Fly fishing area waters can still be productive with nymphs, but streamers can be good in low light and a few anglers say they have even found pockets where dry fly presentations are not out of the question. Winter takes are soft, and a strike indicator is almost a must. Lighten your hook set to a gentle lift.
Die-hard fly fishermen are taking nice cutts from Amber and rainbow from the Big Spokane. The Montana and North Idaho rivers are still producing. Fish are concentrating in holes, so one spot can produce several strikes.
Steelhead and salmon
Dam counts have been decent, but steelhead are not entering the tributaries in any numbers and good steelhead reports are at a premium this week. The Snake, Clearwater and Grande Ronde are cold and clear. Anglers are marking fish near Lower Granite Dam, but they are mostly ignoring offerings. Fishing at Heller Bar, which was hot for several weeks, has died. The best bet in the clear, cold water is to soak bait under a diver or a bobber.
Mixed steelhead reports come from anglers fishing the Methow River. Fishing from boats right at the mouth has been good at times, but no consistency has developed.
At Fins and Feathers in Coeur d’Alene, Jeff Smith said the chinook bite has been good. The fish are deep – 80 to the bottom and hitting black and glow mini-squids 24 inches below a black and glow flasher. Smith said helmeted herring would be his second choice for catching chinook.
Trout and kokanee
It isn’t the lights-out fishing of last winter, but Lake Roosevelt trout fishermen are finding trout and an occasional kokanee in the usual spots, with some decent reports coming from the vicinity of Sterling Point and Keller. Long-lining mono at around 200 feet with plugs has been popular, but leaded line, flashers and flies somewhere between three and six colors also works. Troll fast.
Rufus Woods Reservoir is probably the most consistent trout fishery in the area, but even it can be fickle. Nevertheless, there have been reports of hot fishing at times with the bigger triploids running almost 10 pounds. Bouncing jigs has been extremely effective.
Anglers at Bridgeport continue to catch more big triploid trout than steelhead. Bobber and jig combos are taking fish from the launch to the Colville Hatchery.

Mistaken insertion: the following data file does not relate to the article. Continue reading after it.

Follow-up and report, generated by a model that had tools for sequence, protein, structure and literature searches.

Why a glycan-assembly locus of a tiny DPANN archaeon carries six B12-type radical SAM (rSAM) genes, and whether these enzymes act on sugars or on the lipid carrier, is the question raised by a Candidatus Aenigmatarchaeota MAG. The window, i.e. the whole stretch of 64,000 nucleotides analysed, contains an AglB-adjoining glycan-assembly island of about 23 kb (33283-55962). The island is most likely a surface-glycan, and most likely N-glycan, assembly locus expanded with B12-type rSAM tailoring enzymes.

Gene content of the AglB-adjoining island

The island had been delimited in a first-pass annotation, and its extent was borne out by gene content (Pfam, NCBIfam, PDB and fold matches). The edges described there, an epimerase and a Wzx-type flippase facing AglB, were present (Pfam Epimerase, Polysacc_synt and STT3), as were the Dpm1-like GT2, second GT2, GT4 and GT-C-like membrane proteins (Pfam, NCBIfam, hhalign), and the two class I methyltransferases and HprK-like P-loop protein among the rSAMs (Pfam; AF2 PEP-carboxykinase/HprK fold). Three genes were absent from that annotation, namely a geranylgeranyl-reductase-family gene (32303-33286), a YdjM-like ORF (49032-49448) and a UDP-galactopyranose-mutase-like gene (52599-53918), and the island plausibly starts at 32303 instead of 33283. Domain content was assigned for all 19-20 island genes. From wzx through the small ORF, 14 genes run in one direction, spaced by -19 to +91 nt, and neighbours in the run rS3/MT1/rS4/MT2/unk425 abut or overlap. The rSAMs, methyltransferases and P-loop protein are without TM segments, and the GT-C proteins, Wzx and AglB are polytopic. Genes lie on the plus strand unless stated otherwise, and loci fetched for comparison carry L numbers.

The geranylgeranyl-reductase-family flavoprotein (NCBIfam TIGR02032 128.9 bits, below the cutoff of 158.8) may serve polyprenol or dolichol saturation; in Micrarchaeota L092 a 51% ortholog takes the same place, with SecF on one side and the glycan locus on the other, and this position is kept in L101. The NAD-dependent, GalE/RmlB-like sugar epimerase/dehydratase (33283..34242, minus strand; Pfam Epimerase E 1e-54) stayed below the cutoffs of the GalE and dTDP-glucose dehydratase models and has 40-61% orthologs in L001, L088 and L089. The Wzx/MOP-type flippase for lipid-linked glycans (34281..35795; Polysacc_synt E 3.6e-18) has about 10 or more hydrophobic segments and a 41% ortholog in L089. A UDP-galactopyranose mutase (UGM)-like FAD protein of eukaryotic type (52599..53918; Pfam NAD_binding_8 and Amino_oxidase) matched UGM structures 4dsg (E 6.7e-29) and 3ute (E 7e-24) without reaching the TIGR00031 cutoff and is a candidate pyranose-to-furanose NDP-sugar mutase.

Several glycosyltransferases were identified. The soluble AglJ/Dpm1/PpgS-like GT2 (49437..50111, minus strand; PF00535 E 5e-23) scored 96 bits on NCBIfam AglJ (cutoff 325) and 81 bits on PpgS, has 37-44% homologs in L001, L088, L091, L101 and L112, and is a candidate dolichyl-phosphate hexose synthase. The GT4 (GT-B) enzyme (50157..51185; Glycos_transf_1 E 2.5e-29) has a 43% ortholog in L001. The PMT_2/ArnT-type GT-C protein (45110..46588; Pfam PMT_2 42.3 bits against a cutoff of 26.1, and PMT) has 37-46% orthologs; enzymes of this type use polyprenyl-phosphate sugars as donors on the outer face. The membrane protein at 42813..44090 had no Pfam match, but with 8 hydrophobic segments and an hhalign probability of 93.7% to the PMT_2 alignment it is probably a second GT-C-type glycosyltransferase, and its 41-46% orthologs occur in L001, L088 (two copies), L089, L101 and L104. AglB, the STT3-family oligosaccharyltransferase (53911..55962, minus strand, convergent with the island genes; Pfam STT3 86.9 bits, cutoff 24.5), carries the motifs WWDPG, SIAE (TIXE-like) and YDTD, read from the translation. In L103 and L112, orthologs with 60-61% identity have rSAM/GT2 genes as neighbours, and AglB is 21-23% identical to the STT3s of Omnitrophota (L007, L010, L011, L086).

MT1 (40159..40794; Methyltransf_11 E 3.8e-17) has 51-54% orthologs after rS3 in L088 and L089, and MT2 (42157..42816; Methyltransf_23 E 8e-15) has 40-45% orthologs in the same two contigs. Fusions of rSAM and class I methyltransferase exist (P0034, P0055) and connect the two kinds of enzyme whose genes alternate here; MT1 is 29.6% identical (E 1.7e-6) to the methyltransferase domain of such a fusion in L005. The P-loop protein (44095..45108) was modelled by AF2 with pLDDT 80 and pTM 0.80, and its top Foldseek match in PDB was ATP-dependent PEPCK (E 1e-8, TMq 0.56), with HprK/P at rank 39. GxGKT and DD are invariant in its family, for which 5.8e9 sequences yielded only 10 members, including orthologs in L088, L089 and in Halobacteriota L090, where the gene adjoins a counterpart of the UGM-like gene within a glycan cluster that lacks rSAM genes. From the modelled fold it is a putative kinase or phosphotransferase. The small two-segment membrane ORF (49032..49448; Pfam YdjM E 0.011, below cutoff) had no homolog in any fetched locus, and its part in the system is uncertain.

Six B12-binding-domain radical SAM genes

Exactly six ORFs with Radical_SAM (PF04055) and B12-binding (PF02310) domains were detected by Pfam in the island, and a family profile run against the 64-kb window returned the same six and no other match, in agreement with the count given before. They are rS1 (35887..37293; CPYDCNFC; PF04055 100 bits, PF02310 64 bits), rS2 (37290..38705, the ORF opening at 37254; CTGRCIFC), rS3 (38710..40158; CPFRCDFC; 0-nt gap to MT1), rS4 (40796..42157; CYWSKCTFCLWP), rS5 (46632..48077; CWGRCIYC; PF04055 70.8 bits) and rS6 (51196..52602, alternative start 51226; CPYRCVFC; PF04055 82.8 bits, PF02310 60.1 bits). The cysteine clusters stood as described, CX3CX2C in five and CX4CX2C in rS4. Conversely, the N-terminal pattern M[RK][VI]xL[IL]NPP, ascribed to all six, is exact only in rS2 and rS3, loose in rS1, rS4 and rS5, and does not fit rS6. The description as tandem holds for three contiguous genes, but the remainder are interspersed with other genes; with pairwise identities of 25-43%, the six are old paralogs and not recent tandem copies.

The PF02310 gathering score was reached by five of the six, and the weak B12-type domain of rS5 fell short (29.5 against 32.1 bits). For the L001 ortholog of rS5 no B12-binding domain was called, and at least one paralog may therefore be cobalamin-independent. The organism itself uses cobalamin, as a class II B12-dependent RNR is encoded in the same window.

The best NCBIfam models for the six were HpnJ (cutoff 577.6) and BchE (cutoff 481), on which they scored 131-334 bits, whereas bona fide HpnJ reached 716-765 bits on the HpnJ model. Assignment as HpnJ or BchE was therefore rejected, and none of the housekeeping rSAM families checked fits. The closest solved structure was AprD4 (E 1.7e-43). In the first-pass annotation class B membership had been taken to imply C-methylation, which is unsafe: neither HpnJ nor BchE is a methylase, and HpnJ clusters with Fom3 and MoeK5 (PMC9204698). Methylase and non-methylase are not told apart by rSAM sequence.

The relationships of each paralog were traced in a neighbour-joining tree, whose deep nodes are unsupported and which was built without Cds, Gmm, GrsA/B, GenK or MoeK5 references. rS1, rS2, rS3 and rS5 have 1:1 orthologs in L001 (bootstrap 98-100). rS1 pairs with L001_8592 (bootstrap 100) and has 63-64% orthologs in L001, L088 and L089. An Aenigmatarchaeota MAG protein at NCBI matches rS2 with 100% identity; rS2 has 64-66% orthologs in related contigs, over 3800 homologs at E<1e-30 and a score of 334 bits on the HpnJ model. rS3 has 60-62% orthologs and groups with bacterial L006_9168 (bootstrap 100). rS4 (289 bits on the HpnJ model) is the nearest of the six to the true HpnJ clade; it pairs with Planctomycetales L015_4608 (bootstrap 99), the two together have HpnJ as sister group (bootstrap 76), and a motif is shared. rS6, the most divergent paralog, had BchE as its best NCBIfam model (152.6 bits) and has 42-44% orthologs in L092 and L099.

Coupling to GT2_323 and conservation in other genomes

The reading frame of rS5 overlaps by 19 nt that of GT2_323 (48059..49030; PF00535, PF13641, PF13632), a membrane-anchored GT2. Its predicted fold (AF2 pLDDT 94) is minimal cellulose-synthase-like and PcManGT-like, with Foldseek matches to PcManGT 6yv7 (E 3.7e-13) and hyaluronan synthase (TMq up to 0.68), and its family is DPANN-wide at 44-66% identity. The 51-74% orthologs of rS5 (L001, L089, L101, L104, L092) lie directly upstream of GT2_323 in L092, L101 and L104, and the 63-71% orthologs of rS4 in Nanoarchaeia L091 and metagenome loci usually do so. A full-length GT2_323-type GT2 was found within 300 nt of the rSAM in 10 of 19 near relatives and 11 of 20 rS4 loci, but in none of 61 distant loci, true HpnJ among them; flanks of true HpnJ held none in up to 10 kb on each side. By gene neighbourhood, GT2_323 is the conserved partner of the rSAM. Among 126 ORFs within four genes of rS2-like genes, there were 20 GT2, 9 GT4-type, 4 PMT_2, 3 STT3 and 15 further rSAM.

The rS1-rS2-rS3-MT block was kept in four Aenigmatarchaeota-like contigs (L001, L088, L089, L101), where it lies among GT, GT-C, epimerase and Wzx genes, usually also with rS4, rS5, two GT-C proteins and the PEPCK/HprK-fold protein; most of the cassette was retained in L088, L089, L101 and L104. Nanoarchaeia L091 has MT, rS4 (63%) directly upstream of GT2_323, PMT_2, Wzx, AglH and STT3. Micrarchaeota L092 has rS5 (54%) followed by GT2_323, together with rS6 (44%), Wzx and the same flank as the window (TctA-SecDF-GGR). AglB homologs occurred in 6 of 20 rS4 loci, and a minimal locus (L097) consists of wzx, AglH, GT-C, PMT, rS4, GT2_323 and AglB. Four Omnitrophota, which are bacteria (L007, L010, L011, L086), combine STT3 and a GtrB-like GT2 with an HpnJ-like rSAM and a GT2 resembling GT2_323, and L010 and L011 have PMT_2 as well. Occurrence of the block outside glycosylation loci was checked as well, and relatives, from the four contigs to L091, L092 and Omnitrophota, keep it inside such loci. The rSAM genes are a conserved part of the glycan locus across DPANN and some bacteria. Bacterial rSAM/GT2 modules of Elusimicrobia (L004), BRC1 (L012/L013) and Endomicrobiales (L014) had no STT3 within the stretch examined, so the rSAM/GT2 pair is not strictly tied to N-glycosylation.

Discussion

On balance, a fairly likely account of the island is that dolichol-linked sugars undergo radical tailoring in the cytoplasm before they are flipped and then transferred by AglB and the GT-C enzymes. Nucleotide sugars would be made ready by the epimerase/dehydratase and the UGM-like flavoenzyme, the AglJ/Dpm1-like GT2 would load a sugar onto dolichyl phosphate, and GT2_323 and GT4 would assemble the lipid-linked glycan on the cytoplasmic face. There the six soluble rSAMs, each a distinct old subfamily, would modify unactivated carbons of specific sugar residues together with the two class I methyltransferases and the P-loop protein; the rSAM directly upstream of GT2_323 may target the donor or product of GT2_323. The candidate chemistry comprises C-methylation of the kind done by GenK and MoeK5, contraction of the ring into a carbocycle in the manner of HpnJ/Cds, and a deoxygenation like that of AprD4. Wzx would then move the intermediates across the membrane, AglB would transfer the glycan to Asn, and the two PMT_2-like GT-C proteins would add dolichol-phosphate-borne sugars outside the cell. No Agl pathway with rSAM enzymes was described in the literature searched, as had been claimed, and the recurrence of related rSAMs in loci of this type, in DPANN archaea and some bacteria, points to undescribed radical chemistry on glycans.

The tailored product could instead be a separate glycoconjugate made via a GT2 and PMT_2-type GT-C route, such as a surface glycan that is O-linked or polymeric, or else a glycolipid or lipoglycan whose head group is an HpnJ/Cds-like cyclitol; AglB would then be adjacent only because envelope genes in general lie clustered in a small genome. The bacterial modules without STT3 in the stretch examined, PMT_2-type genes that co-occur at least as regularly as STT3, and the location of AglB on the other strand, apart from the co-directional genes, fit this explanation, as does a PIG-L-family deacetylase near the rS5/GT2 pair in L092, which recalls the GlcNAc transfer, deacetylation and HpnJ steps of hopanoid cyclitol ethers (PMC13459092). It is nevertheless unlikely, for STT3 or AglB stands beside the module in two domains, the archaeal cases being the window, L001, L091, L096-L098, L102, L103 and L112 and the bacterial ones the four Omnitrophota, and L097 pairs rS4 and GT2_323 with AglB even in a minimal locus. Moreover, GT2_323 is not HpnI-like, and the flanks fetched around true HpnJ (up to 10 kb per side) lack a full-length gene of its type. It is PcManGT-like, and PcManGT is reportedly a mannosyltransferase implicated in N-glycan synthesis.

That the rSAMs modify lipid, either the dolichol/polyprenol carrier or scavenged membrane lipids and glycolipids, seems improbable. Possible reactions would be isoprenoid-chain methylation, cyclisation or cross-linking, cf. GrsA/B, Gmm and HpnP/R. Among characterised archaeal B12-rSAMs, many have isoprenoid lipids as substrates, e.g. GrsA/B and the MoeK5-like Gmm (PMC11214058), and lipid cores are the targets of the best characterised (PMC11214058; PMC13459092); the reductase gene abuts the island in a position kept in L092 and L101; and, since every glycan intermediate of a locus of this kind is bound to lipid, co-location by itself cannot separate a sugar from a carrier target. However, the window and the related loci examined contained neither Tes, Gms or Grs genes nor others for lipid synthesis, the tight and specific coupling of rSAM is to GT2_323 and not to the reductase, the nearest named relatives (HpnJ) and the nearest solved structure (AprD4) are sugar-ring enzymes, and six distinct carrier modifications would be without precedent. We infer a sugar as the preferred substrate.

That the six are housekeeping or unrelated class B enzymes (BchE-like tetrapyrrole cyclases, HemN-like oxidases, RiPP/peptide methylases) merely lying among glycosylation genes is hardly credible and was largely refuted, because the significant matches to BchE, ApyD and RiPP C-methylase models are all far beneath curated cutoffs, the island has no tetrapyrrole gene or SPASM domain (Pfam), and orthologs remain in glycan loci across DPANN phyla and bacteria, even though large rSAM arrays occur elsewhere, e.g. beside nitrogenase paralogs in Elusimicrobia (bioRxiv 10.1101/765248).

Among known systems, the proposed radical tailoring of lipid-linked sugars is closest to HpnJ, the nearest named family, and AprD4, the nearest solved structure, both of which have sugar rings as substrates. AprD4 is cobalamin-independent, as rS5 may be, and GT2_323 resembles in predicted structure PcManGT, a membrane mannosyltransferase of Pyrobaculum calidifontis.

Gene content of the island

An overlooked trout fishery close to home is the Spokane River. A setup just like the bobber and jig combos used for steelhead will often produce great results drifting the current edges. The water near the Bowl and Pitcher in Riverside State Park is a good place to start. Check the fishing regs for restrictions.
Waitts Lake is one of the few trout-producing lakes in the Inland Empire open through the winter. Browns and rainbows are biting on a fast troll near the surface. Once the little lake ices up, these fish are harder to find.
No one was at the Rock Lake launch when I went by on Tuesday. Lack of angler activity must say something, although the lake has provided decent fishing of late.
Priest and Pend Oreille lakes are a good bet for lake trout. Trolling is effective, but bigger catches come from locating stacks of fish and jigging.
The wait for the Hog Canyon and Fourth of July winter fisheries is almost over as the season begins Dec. 1 and good fishing is expected at both lakes.
Coeur d’Alene pike are still catchable, and the bite usually stays pretty good through Thanksgiving. Look for weed beds – standing or even lying over – and either cast or troll any jerk bait. Winter pike anglers generally prefer trolling for the ability to cover more water. Fishing has been best on the south end of the lake near Harrison and Harlow points.
On the Pend Oreille River, pike anglers are more likely to cast for their fish and spoons are generally more effective. If you haven’t been able to find a 3 3/4-inch red and white Dardevle spoon, there is a good reason – they work.
Dock fishing for big walleye at night has begun again at Mardon Resort in Moses Lake, but the fish are present one night and absent the next. Tenacious boat anglers with good winter gear are blade-baiting for some decent catches.
Contact Alan Liere by e-mail at firstname.lastname@example.org